But was van Andel-Schipper’s cancer in any way
attributable to her reduced number of blood stem cells? It’s likely that
precancerous transformations happen in cells through a lifetime, says
clinical immunologist Roberto Paganelli from the Gabriele d’Annunzio
University of Chieti-Pescara. “And it’s only our immune system which
prevents them from expanding and taking over.” Perhaps by the time one
reaches 115 years of age, he says, these immune cells may become limited
in number and function. Though he’s never studied samples from van
Andel-Schipper, Paganelli’s own work has revealed that the blood stem
cells of two centenarians seem to have preserved an ability to generate
all blood lineages, but some of the cells produced comparatively more
lymphocyte progenitors than other blood-derived cell types, despite the
known decrease of lymphocytes in peripheral blood of aged people
Eur J Immunol, 26:2030-34, 1996). “This was a hint that during
aging there is a shift to lose complexity in the system and to enrich for
a single entity,” he says.
    More work is needed to understand exactly how the
immune system ages with us, but with a small percentage of the population
living into their 100’s, sample sizes are limited. Perhaps van
Andel-Schipper’s corporeal gift to science will serve as an example for
other long-lived people, says Paganelli. “The fact that the person was
115 years [and donated her] body and tissues to be explored by scientists
is a very, very encouraging thing. I think this should be
    “She was very important for us, very important for
science in general,” agrees Gert Holstege. “I’ll never forget talking to
her for the first time.”

white blood cells,

stem cells,



Alzheimer’s Disease , and


L. Stephen Coles, M.D., Ph.D., Cofounder
Los Angeles Gerontology Research GroupE-mail: scoles@grg.orgE-mail:


About Johnny Adams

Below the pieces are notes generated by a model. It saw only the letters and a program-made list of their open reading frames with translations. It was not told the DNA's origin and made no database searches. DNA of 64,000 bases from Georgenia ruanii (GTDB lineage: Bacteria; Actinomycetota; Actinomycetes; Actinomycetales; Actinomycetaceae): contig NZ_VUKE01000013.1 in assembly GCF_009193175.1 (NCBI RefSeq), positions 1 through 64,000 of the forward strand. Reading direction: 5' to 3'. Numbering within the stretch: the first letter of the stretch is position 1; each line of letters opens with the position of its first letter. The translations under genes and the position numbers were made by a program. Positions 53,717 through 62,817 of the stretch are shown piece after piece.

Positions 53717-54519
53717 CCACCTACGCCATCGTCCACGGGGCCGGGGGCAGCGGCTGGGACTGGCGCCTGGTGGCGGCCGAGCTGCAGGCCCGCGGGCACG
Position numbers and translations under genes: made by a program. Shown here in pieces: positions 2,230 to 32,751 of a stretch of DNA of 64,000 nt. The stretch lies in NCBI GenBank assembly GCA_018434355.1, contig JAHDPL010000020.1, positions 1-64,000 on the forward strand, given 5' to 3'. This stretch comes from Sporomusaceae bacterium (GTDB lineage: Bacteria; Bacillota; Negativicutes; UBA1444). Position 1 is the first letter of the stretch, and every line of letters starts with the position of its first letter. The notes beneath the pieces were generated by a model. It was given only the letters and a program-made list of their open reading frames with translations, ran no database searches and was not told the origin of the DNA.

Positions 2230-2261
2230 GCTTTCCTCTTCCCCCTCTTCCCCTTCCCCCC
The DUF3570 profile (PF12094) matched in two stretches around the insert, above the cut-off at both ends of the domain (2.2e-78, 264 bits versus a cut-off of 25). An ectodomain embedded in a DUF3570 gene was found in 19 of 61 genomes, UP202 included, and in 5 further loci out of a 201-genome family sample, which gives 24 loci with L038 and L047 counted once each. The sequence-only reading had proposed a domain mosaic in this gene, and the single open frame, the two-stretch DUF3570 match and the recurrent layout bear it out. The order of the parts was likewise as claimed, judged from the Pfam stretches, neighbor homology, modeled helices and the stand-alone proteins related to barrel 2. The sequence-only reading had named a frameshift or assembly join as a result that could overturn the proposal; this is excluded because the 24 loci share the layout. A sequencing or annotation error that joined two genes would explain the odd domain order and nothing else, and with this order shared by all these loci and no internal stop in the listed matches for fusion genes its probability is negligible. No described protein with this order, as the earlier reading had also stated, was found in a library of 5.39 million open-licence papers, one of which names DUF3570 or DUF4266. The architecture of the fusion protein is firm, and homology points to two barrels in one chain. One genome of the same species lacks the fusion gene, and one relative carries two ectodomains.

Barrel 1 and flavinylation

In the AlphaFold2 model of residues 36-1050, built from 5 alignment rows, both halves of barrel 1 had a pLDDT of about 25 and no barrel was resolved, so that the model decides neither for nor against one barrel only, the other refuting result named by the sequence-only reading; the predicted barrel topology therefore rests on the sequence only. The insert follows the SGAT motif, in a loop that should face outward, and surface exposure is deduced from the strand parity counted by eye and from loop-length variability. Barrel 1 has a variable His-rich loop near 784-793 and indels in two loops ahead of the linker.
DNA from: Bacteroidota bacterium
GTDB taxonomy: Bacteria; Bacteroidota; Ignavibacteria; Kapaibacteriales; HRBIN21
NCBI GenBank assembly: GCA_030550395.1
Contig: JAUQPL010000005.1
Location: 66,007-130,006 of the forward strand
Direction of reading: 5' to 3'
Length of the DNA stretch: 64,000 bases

My full-time commitment is to slow and ultimately reverse age related functional decline to increase healthy years of life. I’ve been active in this area since the 1970s, steadily building skills and accomplishments. I have a good basic understanding of the science of aging, and have many skills that complement those of scientists so they can focus on science to advance our shared mission. Broad experience Top skills: administration, management, information technology (data and programming), communications, writing, marketing, market research and analysis, public speaking, forging ethical win-win outcomes among stakeholders (i.e. high level "selling"). Knowledge in grant writing, fundraising, finance. Like most skilled professionals, I’m best described as a guy who defines an end point, then figures out how to get there. I enjoy the conception, design, execution and successful completion of a grand plan. Executive Director Gerontology Research Group (GRG). Manages Email discussion forum, web site, meetings and oversees supercentenarian (oldest humans, 110+ years) research. CEO / Executive Director Carl I. Bourhenne Medical Research Foundation (Aging Intervention Foundation), an IRS approved 501(c)(3) nonprofit. Early contributor to Supercentenarian Research Foundation. Co-Founder Geroscience Healthspan Forum. Active contributor to numerous initiatives to increase healthy years of life. Co-authored book on conventional, practical methods available today to slow the processes of aging – nutrition, exercise, behavior modification and motivation, stress reduction, proper supplementation, damage caused by improper programs, risk reduction and others. Fundamental understanding of, and experience in the genomics of longevity (internship analyzing and curating longevity gene papers). Biological and technical includes information technology, software development and computer programming, bioinformatics and protein informatics, online education, training programs, regulatory, clinical trials software, medical devices (CAT scanners and related), hospital electrical equipment testing program. Interpersonal skills – good communication, honest, well liked, works well in teams or alone. Real world experience collaborating in interdisciplinary teams in fast paced organizations. Uses technology to advance our shared mission. Education: MBA 1985 University of Southern California -- Deans List, Albert Quon Community Service Award (for volunteering with the American Longevity Association and helping an elderly lady every other week), George S. May Scholarship, CA State Fellowship. BA psychology, psychobiology emphasis 1983 California State University Fullerton Physiological courses as well as core courses (developmental, abnormal etc). UCLA Psychobiology 1978, one brief but fast moving and fulfilling quarter. Main interest was the electrochemical basis of consciousness. Also seminars at the NeuroPsychiatric Institute. Other: Ongoing conferences, meetings and continuing education. Aging, computer software and information technology. Some molecular biology, biotech, bio and protein informatics, computer aided drug design, clinical medical devices, electronics, HIPAA, fundraising through the Assoc. of Fundraising Professionals. Previous careers include: Marketing Increasing skill set and successes in virtually all phases, with valuable experience in locating people and companies with the greatest need and interest in a product or service, and sitting across the table with decision makers and working out agreements favorable to all. Information Technology: Management, data analysis and programming in commercial and clinical trials systems, and bioinformatics and protein informatics. As IT Director at Newport Beach, CA based technology organization Success Family of Continuing Education Companies, provided online software solutions for insurance and financial professionals in small to Fortune 500 size companies. We were successful with lean team organization (the slower moving competition was unable to create similar software systems). Medical devices: At Omnimedical in Paramount CA developed and managed quality assurance dept. and training depts. for engineers, physicians and technicians. Designed hospital equipment testing program for hospital services division. In my early 20’s I was a musician, and studied psychology and music. Interned with the intention of becoming a music therapist. These experiences helped develop valuable skills used today to advance our shared mission of creating aging solutions.